We can spend the $300 for our ten-year old cat, or we can spend $50 to adopt a kitten. How does the second choice not make the most sense? Less money for a newer cat. Why not?
In a person’s healthy social root structure, the above alternative works against one’s well-being. The situation isn’t about economics and it’s not even about affection or love. You can love a new kitten. Loyalty, on the other hand, only knows depth. Depth comes though the passage of time.
Buying a kitten can never be a trade-up from a pet you’ve had for many years. We’re not talking about cars. This is about a being that needs you, and who you need too, and how you’re going to manage the new challenge in her life. Even if you make a crushing decision, it must crush you. If it does not, then you’ve got nothing but dry twigs underneath you.
There is certainly much to consider with any connections we have.
How does a man maintain his roots when he moves far away from the people he loves? For me, the answer isn’t just to keep up with calls and texts. There has to be some physical interpersonal activity in order to make it. I’ve found a way to generously spread technology in a combination with what bits of actual human (or animal) presence I can muster.
Presence must include affection or personal regard, or we’re no better than simply standing in a line of strangers. We might as well be waiting at the Department of Motor Vehicles for our driver’s license renewal.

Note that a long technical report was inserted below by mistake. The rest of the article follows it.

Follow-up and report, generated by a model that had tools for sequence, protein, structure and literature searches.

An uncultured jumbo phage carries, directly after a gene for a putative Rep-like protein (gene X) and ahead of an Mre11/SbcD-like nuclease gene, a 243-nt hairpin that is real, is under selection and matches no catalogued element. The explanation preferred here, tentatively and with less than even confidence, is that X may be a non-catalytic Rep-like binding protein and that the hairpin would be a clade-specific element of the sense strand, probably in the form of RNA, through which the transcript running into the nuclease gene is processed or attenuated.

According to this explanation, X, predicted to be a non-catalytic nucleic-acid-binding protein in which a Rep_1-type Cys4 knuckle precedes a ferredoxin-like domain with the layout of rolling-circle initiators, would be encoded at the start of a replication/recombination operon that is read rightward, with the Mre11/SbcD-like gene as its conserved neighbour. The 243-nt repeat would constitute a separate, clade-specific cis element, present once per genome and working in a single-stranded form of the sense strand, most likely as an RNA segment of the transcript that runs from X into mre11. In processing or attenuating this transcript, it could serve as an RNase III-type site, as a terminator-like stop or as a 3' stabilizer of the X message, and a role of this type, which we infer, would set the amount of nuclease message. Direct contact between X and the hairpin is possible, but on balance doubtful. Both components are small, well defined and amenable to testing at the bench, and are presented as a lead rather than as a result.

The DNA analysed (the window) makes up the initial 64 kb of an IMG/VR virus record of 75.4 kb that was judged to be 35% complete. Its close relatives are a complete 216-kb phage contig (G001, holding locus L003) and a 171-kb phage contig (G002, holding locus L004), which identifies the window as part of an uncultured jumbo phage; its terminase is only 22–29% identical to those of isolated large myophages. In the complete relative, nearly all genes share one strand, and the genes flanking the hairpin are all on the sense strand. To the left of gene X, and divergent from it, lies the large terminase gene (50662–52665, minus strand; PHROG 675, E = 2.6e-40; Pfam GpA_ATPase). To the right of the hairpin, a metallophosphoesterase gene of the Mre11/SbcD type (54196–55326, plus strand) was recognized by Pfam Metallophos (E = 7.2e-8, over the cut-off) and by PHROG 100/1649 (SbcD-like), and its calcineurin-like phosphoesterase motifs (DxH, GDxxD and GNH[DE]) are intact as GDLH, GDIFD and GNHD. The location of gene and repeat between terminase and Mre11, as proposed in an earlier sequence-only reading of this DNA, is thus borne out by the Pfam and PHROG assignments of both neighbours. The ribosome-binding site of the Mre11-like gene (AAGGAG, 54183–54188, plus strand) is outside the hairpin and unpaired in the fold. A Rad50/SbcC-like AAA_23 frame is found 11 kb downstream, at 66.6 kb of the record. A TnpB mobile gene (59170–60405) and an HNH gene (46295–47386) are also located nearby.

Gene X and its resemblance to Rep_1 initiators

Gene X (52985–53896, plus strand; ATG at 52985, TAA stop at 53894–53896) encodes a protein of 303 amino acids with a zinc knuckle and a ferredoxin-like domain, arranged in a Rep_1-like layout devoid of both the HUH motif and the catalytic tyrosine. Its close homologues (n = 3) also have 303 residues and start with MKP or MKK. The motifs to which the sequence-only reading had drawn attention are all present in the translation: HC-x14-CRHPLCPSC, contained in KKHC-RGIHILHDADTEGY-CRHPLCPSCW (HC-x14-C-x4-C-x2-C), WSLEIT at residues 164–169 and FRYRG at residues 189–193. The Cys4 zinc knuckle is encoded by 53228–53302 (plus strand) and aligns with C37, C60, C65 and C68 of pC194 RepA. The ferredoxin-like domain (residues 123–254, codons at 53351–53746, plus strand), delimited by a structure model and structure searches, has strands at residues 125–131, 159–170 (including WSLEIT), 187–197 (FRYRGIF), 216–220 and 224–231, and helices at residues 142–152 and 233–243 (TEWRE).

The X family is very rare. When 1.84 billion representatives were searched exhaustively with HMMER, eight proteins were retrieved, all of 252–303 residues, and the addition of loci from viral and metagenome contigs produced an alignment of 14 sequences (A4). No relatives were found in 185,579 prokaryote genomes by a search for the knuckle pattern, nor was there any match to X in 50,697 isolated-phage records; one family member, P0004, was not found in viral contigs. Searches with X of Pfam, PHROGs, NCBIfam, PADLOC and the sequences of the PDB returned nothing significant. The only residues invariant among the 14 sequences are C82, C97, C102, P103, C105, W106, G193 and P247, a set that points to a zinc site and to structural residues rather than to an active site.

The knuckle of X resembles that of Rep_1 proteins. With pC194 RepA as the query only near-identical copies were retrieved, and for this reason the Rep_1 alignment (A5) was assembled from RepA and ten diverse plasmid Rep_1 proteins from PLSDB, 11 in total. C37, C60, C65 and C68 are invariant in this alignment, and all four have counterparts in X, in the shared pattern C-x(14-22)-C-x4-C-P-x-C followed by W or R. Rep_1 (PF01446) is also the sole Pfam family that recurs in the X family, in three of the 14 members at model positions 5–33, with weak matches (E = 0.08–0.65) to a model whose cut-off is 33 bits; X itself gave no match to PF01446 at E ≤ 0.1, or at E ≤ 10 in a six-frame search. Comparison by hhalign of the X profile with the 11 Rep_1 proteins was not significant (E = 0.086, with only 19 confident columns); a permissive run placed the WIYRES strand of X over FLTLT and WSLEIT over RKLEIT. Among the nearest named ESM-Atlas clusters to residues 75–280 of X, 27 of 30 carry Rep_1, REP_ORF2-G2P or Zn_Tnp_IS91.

From my home, if I were to walk away, drive away, leave– would anyone miss me? That concept has horrifying facets. For many months this year, I was living in that situation. If I left this building, this town, this state, no one would’ve missed me. Not even a cat– I’d not met Foldy yet.
Interacting with people within arm’s length is crucial for good health. One way came as a surprise to me. I’m on a regular blood donation cycle and I recently realized something. When I donate in my new adoptive state, it’s the only time any stranger– in this case a Red Cross nurse– tells me her name and asks me questions. She touches my arm. Makes sure I’m comfortable. Makes small talk. Her attention is on me. All of that is root-making material, endearing me to the area. It’s in-person. It’s relating, and understanding. It’s someone waiting for me, and counting on me. It has a bonding effect because this human contact took place here, this strange land I’ve found myself.
When I go to bed, I think of a particular person who was once in my life, forty-five years ago, and I renew our conversations. I invent whole new situations with my friend, and express myself. She expresses herself. It’s a way of watering my soil. Sometimes watering isn’t what’s best at a given time. In that case, my nightly mental exercise is like securing a good fence to protect what I have. All the work is a cumulative effort to grow those roots.
My roots are in video chats with dear co-workers. I choose good people who are friends and who know how to exchange what we both need, to live. I do think it’s that serious. I count on my relationships any way I can take them.
My roots are in making friends, where I’ll soon be permanently living. I’ll have a house in a brand-new neighborhood and I’ll be welcoming. No-one will replace my dear friends– they are portable and are with me in technology and imagination. What I’ve learned along the way is that roots are measured in loyalty, they run deep and new sprouts emerge from the bulb. I must care for the entire system, for happiness.